With green issues hitting the headlines, vast swathes of the country resembling Venice and congestion charges threatening to spread to every major city, you might be forgiven for thinking that your days of motoring will be numbered and laden with guilt. Don’t worry, there are plenty of ways to reduce your carbon footprint without surrendering your right to personal transport. Chances are it’ll help your wallet as well as the planet.
For years the choice was simple – petrol or diesel. These days however, the choice is broader and more confusing. Depending on where you live, there may be as many as seven different pumps to choose from the question is which ones are going to help you do your bit to save the planet?
The first of the ‘green’ fuels to appear on our shores, LPG (Liquefied Petroleum Gas) is by far the cheapest available at roughly 50% less than unleaded. It’s a comparatively clean fuel, producing around 20% less CO2 than petrol although fuel consumption is increased. The biggest drawback from an eco viewpoint is that it’s derived from a non-renewable source so isn’t really a long-term answer.
• Bio fuel
Whilst the manufacturers might have pulled the plug on LPG, bio-fuelled models are now appearing on their price lists. Most bio-fuelled cars run on E85, which means that it consists of 85% bioethanol to 15% petrol. Growing the crops to produce the fuel ostensibly helps to lower CO2 levels as it’s absorbed during photosynthesis although this remains debatable when the intense farming methods required are taken into account. It’s currently an expensive fuel to produce so despite substantial tax breaks it remains a similar price to petrol.
The holy grail of fuels. It has the potential to be both fully sustainable and emissions free and is not some flight of fancy – BMW has a fleet of 7-series’ running on the stuff. The main hold-ups in bringing it to market are how to store such a volatile substance, overcoming the difficulties involved in ‘splitting’ hydrogen from water and distributing it thereafter. Expect commercial viability within the next 10 years.
Don’t discount petrol and diesel though because recent technological advances mean that they can be as clean as a whistle and take the teeniest sips of fuel.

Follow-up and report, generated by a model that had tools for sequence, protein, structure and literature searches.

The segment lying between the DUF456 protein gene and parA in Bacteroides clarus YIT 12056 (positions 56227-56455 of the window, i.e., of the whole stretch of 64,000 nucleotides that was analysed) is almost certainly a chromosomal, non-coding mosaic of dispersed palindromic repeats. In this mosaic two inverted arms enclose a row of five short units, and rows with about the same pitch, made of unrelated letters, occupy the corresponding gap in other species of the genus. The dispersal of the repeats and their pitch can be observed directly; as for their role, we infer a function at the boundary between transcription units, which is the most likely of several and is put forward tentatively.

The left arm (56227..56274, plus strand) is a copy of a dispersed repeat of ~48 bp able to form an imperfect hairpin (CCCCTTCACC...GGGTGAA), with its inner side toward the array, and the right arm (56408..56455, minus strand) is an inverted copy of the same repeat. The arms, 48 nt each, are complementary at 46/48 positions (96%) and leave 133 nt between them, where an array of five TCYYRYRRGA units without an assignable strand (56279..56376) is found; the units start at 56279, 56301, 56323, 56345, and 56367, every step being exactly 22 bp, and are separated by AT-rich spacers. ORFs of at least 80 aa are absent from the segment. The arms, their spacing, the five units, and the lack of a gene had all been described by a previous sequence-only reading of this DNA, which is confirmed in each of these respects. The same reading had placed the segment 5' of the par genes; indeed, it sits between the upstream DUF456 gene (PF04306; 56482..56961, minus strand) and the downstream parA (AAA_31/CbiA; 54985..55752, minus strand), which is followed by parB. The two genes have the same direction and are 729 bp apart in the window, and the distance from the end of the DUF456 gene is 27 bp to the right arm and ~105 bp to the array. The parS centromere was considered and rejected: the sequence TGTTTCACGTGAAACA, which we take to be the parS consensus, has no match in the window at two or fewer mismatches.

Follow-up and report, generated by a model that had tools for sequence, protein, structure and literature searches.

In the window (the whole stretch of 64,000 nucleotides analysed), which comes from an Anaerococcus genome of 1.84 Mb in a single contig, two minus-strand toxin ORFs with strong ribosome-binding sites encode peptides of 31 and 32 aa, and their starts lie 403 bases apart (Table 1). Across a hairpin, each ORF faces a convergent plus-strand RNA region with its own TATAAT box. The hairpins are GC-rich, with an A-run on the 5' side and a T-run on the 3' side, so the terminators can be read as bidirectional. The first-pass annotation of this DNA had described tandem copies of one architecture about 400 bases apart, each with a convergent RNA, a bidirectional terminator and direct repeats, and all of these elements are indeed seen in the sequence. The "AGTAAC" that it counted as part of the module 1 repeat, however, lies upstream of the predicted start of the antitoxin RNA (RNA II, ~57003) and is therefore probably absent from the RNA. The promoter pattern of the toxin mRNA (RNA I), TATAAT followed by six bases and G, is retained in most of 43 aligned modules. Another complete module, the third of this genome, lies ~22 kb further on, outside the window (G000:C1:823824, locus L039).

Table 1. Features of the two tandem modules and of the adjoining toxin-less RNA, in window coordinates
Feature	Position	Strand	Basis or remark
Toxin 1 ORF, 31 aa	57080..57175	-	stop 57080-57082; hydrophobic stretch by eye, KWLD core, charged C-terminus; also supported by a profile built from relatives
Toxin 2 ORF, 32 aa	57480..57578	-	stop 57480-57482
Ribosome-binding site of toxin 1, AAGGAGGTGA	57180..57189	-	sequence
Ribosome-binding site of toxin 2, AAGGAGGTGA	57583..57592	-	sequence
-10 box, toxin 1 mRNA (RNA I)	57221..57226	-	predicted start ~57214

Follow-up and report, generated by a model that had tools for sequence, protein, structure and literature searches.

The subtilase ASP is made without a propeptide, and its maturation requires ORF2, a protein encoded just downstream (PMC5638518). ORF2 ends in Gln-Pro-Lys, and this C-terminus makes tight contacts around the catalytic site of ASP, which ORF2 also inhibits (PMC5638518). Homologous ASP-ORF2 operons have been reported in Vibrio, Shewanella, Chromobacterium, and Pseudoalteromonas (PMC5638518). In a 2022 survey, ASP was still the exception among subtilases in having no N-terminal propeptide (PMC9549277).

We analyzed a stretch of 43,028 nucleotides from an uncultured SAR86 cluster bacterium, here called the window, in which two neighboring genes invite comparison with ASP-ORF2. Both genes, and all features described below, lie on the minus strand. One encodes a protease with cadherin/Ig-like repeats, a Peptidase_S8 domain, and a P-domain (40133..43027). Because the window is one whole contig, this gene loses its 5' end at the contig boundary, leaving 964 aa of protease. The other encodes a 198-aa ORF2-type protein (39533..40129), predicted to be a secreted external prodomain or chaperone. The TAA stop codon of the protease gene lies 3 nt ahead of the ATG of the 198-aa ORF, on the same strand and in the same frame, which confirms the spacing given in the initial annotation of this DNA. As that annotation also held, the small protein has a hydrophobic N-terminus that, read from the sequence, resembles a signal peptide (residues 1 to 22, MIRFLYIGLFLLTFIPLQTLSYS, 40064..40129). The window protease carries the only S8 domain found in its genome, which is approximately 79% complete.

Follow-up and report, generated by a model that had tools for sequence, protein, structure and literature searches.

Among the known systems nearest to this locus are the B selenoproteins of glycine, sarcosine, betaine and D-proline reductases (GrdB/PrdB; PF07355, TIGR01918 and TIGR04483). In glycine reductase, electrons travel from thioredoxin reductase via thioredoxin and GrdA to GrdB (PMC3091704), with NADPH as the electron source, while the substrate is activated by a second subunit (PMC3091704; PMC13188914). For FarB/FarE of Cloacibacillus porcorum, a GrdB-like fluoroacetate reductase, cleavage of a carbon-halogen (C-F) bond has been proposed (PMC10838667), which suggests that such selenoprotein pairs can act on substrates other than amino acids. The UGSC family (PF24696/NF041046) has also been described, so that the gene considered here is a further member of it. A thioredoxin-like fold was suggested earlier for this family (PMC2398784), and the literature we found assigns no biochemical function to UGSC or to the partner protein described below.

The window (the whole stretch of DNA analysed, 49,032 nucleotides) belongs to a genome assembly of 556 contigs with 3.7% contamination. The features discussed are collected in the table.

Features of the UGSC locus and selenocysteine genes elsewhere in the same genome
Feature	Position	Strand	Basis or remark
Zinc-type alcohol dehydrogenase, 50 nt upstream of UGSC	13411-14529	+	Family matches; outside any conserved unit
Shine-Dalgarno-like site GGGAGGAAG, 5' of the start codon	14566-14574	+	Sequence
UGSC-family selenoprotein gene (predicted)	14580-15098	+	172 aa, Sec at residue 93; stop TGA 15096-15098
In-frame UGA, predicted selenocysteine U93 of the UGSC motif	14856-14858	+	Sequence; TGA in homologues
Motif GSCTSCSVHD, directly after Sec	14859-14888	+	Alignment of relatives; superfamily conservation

The right fuel’s useless if you’re putting it in the wrong car. Here’s a guide to what you should be filling up.
• Toyota Prius
In urban situations hybrids such as Toyota’s Prius are able to run on their (petrol-charged) batteries for a limited time, effectively eliminating emissions. If you live in a built-up, traffic choked area then it may make sense – Ken Livingstone certainly seems to think so – but out of town, the extra weight of the batteries may effectively cancel out their worth.
• Mini Cooper D
Unlike the Prius, the diesel-powered Mini doesn’t wear its environmental credentials on its sleeve. Rather than a headline-grabbing propulsion system, it makes small gains in a number of areas such as regenerative braking and automatically stopping and starting the engine in traffic to create what’s being a dubbed a ‘mild hybrid’. It’s also designed, manufactured and built in England, eliminating polluting shipping. Just goes to show that green can be cool.
• Mitsubishi I
Going back to basics by reducing weight and size, the ‘I’ squeeze four people into an unfeasibly titchy and Tamagotchi-cute package whilst keeping its environmental impact just as tiny. The car that Smart never built.
• Sinclair C5
It’s a low slung, hybrid single-seater that’ll turn more heads than any supercar. Ok so you’ll get drenched if it rains and get a face full of truck fumes in traffic but it’s kind of cool in an ‘80s retro way.
And finally some tips to help with consumption....
It’s something that tends to be forgotten, but how you drive has as much to do with fuel consumption and exhaust emissions that what you drive. It’s all obvious stuff but it’s worth going over the basics.
• Don’t floor it away from traffic lights – hard acceleration will ruin your fuel economy and you’ll look like a chav. Ignore this advice if you’re in a Lamborghini – you’ll never resist.
• You might not realise it but heavy braking can actually increase fuel consumption. The key is smooth driving.
• Keep your car in tip-top shape by ensuring that the tyres are properly inflated and you remove roof racks when you’re not using them. Turing off your air conditioning will help too.
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